“Fathers enjoy playing with their child. That’s good, says evolutionary anthropologist Anna Machin. But fathers are also excellent in caregiving. They just shouldn’t avoid it.” ZEIT ONLINE spoke with Machin.

“The ‘bonding hormone’ oxytocin plays a role in parental care. According to Machin, it is released in both parents. ‘It’s a myth that men don’t have oxytocin.’

‘Mothers have a head start in bonding with their child because pregnancy, birth, and breastfeeding result in massive releases of bonding hormones. Fathers don’t go through all of that. So, they have to build their bond with their children differently: through interaction. (…) Playing with the baby is a great way to quickly build a bond because it usually involves a lot of laughter, touching, tickling, singing, and so on. And all of this releases oxytocin, beta-endorphins, and dopamine, the key bonding hormones.’

The human brain, says the scientist, is ‘very plastic, very open to change, and it changes through experience. Many of the adjustments we see in the parental brain occur after parents interact with their child. They are not inherently present; they have to do with interacting with the child. So, hormones reflect how parents behave. If they behave differently, hormone secretion changes. We just tend to behave quite traditionally. And that’s what we see in the brain.’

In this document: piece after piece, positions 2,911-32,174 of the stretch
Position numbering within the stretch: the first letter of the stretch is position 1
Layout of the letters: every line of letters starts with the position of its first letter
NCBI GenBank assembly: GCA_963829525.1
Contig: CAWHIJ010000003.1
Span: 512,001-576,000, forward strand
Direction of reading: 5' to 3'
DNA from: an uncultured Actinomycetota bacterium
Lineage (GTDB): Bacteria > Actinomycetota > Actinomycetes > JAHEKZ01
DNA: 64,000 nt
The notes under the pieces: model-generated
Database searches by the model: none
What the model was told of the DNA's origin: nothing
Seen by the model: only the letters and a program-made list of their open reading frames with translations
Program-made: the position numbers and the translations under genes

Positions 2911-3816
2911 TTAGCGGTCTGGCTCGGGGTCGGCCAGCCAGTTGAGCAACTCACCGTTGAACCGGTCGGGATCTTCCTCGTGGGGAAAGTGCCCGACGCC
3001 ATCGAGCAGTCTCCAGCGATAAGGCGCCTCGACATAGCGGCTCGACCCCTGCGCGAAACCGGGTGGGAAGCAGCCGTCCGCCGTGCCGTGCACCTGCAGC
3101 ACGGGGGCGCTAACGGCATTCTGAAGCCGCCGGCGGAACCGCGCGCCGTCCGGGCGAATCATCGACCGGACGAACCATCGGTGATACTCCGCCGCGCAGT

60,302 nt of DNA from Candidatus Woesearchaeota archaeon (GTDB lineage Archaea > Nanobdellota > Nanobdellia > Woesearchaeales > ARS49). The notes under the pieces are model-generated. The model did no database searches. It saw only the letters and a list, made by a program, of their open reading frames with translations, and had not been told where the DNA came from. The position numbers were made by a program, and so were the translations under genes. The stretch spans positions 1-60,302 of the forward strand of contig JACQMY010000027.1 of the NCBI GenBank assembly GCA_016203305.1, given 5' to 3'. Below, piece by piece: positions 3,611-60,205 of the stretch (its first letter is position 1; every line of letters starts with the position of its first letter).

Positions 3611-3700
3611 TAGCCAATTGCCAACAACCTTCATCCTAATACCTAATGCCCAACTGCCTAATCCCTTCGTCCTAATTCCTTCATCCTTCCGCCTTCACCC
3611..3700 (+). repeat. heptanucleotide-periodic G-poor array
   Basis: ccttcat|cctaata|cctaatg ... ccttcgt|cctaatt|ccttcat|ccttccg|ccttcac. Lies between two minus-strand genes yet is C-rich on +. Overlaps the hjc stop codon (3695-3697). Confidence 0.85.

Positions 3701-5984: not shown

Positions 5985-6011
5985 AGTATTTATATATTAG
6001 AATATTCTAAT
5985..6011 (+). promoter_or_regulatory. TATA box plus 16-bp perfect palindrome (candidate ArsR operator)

To overcome the myth that the mother is the best person to raise a child, particularly fathers need to be treated differently in the parental role. They need to be given the opportunity to care for their children.

‘If you’re a father staying at home while your partner goes to work, you’ll start to develop the caring side. So, it’s not that men necessarily play this role and women play that role. Even if you’re a single parent family or if you’re a gay or lesbian couple with a child, the brain will adapt.
I believe our notions of family will change. Especially in the West, the idea of the nuclear family with parents and children is very strong. But in other countries, we have extended families, and we can learn from that. (…) Actually, we’ve already moved away from the two-parent-two-child family. We just haven’t fully recognized it yet.'”


Published by herCAREER, 
Posted on LinkedIn on 07.03.2024